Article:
mjj (flemmings) wrote,

Till May be out

 Since they're calling for snowflurries tomorrow, my winter boots are still in the hallway. May snow never sticks around anyway: doesn't get mentioned in the Historical Weather stats,  even as 'trace', though I can distinctly remember snow showers that were more than a trace, even in this century. But the unwonted stiffness of the  Everything lately has rendered all housework twice as difficult, so I'm in no rush to tidy the whinter wardrobe away.  I put the winter coat in the bunker after Sunday's mid-20sC/ low 70sF, only to haul it out again yesterday.

Last Fiesta shop got me some mid-fat hamburger, a rare treat in these wrong-headed days of fat= bad. Wanted to make meatloaf but discovered I don't have a loaf pan, so made my even rarer treat, beef fried rice. This was a recipe my cousin gave me when I first left home. (My mother only taught me to make porkchops, corned beef hash, and lasagna from a box mix.) The recipe is very 70s student: saute onions, then brown hamburger, then add cooked rice (Uncle Ben's quick cooking), pour over enough soy sauce to colour the rice, mix all together. Make a well in the middle, of the rice, melt butter in well, break an egg into the butter, and quickly spread it through the mixture. In my old age I add celery and bok choy to all this, but of course the main taste is soy sauce.  No matter. Rice and butter and salt together is my comfort food, and anything made with them not only registers as delicious, it removes my sense of 'full' completely. Which is why I rarely make this.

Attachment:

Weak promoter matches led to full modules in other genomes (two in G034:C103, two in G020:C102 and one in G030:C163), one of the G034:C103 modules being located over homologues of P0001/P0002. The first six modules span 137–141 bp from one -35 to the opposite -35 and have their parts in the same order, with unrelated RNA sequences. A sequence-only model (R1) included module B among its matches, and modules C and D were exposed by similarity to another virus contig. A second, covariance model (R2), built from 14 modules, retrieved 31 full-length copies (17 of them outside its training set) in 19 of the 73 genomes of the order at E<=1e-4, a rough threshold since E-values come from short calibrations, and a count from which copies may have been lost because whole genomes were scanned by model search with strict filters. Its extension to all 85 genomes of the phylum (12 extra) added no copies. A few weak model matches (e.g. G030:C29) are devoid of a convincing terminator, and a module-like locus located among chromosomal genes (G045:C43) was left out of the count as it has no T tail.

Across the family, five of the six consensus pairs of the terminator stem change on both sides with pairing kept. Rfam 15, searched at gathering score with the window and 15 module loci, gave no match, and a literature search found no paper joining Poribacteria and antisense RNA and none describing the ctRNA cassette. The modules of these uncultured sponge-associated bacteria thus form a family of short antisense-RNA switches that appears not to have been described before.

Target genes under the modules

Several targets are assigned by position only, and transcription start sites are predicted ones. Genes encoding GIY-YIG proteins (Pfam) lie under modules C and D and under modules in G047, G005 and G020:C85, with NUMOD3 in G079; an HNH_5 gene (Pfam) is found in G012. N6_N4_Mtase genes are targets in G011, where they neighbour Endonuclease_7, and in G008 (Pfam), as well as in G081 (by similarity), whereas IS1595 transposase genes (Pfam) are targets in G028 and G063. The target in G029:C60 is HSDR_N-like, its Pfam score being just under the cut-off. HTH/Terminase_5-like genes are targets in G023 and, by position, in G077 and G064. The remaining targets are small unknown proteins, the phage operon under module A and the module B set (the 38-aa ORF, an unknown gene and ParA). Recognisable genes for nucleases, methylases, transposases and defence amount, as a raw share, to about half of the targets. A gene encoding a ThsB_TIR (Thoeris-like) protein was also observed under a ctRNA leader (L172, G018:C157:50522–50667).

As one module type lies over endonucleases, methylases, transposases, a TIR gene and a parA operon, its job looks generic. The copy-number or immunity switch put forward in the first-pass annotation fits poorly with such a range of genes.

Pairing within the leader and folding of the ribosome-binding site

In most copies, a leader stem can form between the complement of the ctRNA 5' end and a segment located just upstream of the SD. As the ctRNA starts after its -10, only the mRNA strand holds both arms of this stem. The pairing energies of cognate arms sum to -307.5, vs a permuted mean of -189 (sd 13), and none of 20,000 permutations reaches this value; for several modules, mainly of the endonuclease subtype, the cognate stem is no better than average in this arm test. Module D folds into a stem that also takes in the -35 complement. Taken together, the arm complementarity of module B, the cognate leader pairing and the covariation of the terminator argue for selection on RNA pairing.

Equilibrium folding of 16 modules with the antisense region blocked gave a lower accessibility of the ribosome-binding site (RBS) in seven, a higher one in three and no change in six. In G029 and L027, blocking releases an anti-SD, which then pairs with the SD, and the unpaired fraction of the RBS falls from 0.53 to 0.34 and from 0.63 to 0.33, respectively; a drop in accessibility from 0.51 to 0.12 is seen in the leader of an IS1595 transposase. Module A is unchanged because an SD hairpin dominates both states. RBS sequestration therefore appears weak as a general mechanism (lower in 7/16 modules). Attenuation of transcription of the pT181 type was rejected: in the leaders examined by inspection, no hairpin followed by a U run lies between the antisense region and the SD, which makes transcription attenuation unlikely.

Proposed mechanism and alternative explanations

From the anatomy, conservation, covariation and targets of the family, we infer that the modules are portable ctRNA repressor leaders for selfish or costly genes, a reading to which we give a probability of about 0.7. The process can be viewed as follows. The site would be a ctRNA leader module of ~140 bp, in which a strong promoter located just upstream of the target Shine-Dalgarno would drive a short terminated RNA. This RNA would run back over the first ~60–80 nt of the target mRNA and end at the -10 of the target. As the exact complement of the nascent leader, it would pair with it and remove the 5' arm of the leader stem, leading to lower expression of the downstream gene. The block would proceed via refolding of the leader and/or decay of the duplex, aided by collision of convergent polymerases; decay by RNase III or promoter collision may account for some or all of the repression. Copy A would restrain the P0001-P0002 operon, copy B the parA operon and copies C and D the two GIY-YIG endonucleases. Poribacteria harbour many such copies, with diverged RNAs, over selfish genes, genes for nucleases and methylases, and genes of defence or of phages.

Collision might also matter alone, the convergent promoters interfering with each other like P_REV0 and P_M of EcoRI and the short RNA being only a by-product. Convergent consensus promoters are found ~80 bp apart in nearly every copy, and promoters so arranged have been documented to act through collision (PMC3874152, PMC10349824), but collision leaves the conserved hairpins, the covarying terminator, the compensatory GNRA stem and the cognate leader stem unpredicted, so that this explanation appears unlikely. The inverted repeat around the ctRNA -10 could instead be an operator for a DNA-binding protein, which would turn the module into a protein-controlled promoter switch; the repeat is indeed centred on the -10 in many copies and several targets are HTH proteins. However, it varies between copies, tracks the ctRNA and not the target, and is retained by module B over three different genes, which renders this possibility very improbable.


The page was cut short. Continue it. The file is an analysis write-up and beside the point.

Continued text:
Today was a 'never get out of pyjamas' day, which I'm allowed occasionally. Accomplishment was to finish  the interminable couch book, an examination of courtly love literature from who knows when, that I thought might be amusing but which was either dull (the troubadors) or impenetrable (the philosophy behind the Italian 'sweet new style', which involves unfamiliar definitions of soul, spirit, will, intelligence, and you name it.) Courtly love is pretty recherche at the best of times, and is worse when the author doesn't translate the works he cites. He says he'll translate the Provencal ones, but he figures the reader can manage 12th century French and 13th century Italian themselves. Mh, no.
Tags: food, language, reading_20, rl_20

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